I swear I’m not going to be the blogger that tells you that she’s got some secret shenanigans going on in her life and how she can’t tell you about it but she can tell you that it is very stressful and important. If I were that kind of blogger I’d assure you that I’d tell you all about it just as soon as I could (like the time a ventriloquism museum tried to sue me and I had to hire a lawyer¹) and afterwards you’d be all, pfft, was that all she was freaking out about? But, like I said: not that blogger. I’m the kind of blogger that stuffs her face with $15 worth of waffles and yells at her boyfriend “YOU’RE THE SHITTIEST PHOTOGRAPHER!” on a street corner while spraying powdered sugar out of her mouth. I wish I were kidding.
It’s like this: what would make a waffle better? They’re already at the upper end of the awesomeness scale, but there’s room for improvement. Perhaps if they were made from a denser yeasted dough rather than a batter, and were then just rolled in balls of pearl sugar so that when they were in the iron they turned chewy and caramelized. At this point I’d say yes sir, you have achieved over-awesomenating. Huzzah.
A restaurant in my neighborhood recently opened that serves Liege waffles, called Shaky Alibi. I have to get this out of the way now so I can focus on the waffles but: for such a cheeky name, the place was naptime serious. I wasn’t feeling it. But also: who cares? Waffles. In the above photo you can see where the unmelted chunks of sugar remain, and I assure you this is a lovely thing: they are crunchy and sweet, and most of them have caramelized. The texture of the waffle itself is fascinating, somewhere between a good, soft British scone and an American sticky bun. The exterior is crispy and breadlike, but the interior has heft and grain. In fact, the whole thing has heft. It’s like a good-sized puppy.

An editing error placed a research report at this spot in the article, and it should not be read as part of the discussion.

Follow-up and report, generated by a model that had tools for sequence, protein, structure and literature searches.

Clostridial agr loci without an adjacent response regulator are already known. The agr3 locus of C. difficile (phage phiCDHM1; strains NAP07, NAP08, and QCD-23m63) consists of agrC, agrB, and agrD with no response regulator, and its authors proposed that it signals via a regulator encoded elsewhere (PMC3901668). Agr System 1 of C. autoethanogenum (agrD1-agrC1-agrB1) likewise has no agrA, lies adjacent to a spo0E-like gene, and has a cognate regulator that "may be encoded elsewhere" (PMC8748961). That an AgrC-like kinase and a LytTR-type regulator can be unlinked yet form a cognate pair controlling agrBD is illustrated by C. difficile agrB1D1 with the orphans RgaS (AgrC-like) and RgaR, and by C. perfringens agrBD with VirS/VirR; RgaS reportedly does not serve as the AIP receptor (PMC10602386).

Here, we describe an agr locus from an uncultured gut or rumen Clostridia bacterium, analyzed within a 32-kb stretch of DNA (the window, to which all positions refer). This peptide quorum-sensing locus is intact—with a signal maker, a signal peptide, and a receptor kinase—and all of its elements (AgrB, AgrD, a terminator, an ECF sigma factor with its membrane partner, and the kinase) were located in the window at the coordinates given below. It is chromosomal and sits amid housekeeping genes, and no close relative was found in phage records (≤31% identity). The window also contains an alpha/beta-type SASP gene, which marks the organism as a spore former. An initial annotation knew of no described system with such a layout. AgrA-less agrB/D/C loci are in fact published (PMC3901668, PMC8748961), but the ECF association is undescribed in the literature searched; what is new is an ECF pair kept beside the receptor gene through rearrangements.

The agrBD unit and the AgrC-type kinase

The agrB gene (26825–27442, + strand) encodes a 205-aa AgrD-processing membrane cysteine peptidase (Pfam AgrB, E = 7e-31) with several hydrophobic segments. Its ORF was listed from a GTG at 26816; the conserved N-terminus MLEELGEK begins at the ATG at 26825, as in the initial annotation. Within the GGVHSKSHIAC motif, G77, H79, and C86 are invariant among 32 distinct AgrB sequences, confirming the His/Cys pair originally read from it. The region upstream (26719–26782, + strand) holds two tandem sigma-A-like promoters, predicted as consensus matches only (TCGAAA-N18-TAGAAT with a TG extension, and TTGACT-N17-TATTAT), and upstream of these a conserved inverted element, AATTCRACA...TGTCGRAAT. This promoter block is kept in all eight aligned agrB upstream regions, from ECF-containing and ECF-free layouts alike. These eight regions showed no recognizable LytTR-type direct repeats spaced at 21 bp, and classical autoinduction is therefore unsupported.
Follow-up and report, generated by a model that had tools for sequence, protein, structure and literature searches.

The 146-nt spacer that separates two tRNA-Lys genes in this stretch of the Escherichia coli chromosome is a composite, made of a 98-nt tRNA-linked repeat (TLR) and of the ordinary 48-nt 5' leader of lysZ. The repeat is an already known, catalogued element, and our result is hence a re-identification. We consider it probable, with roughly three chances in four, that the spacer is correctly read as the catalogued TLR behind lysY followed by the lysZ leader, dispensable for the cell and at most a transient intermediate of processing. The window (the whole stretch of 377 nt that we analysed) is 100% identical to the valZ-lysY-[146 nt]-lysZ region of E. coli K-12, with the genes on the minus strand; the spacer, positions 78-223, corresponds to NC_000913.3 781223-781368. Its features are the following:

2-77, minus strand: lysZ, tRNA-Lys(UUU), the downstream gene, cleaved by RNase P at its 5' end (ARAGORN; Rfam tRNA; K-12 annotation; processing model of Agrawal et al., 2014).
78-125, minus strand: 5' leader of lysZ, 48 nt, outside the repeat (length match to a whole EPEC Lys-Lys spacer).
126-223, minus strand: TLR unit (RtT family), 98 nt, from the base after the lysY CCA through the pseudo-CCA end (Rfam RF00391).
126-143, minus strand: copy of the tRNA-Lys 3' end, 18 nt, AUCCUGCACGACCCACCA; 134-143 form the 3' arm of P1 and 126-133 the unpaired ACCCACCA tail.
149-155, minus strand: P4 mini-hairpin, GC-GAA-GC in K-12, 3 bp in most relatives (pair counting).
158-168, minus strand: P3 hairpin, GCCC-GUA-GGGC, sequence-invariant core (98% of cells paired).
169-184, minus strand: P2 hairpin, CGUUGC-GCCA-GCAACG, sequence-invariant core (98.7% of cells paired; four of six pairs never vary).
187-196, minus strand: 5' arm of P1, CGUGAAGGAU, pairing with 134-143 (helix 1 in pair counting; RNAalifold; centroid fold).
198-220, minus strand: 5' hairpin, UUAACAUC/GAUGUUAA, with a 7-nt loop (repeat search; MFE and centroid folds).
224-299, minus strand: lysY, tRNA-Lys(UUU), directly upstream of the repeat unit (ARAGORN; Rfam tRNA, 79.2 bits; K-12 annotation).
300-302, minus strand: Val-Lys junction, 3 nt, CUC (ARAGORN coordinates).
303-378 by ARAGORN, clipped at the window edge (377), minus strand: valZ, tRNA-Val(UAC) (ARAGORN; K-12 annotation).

Mike the Viking did actually take some good photos of me, but this is the one I identify with.
Now, the interesting thing is that they’ll make you a savory sandwich from these waffles. So, the same sugared waffle, but sliced open and filled with turkey or ham (we chose ham) and a variety of cheeses (we chose swiss). The Viking was reluctant to declare like-at-first-bite, but as a card carrying Monte Cristo addict, I was preemptively on board. If I’d had some blackberry jam on the side I’d be dipping that fucker. <– I can say that about a lot of things, now that I think about it.
Eventually he said he’d like it if it were saltier, to balance the sugar, which I can’t argue against. I mean, saltier, sure.
But still we are not to where the problem lies. FIFTEEN DOLLARS FOR THAT. Well, $9 for the sandwich, and $6 for the plain waffle. It’s a shame, too, because they are delicious. But … I don’t know. We kept discussing it like I imagine kind-hearted people discuss whether or not to stop eating meat. Which is to say, with feeling. On one hand, we kept rationalizing that we were eating an artisan product made fresh. It’s no supermarket croissant we’re talking about here, we’re talking about a hot-from-the-iron yeasted pastry. On the other hand, FIFTEEN DOLLARS. No. It’s like, I just paid $6 for what amounts to a really, really awesome donut. Well, okay. Wait, is that okay? I don’t know! If it were $4 I’ d be all over that shit. I’d be back there right this second.
But $6? I don’t know! I still can’t decide. Rather, I can say for certain: the sandwich is out. The waffle itself is the star, and the ham and cheese present themselves as merely a $3 distraction.
Now, if it had a big piece of breakfast sausage and an egg in the middle…
¹ 100% true story. Ask me about it in person; for all I know they’re still standing by with their coterie of lawyers, seething.August 26th, 2010 | Eatin' Fancy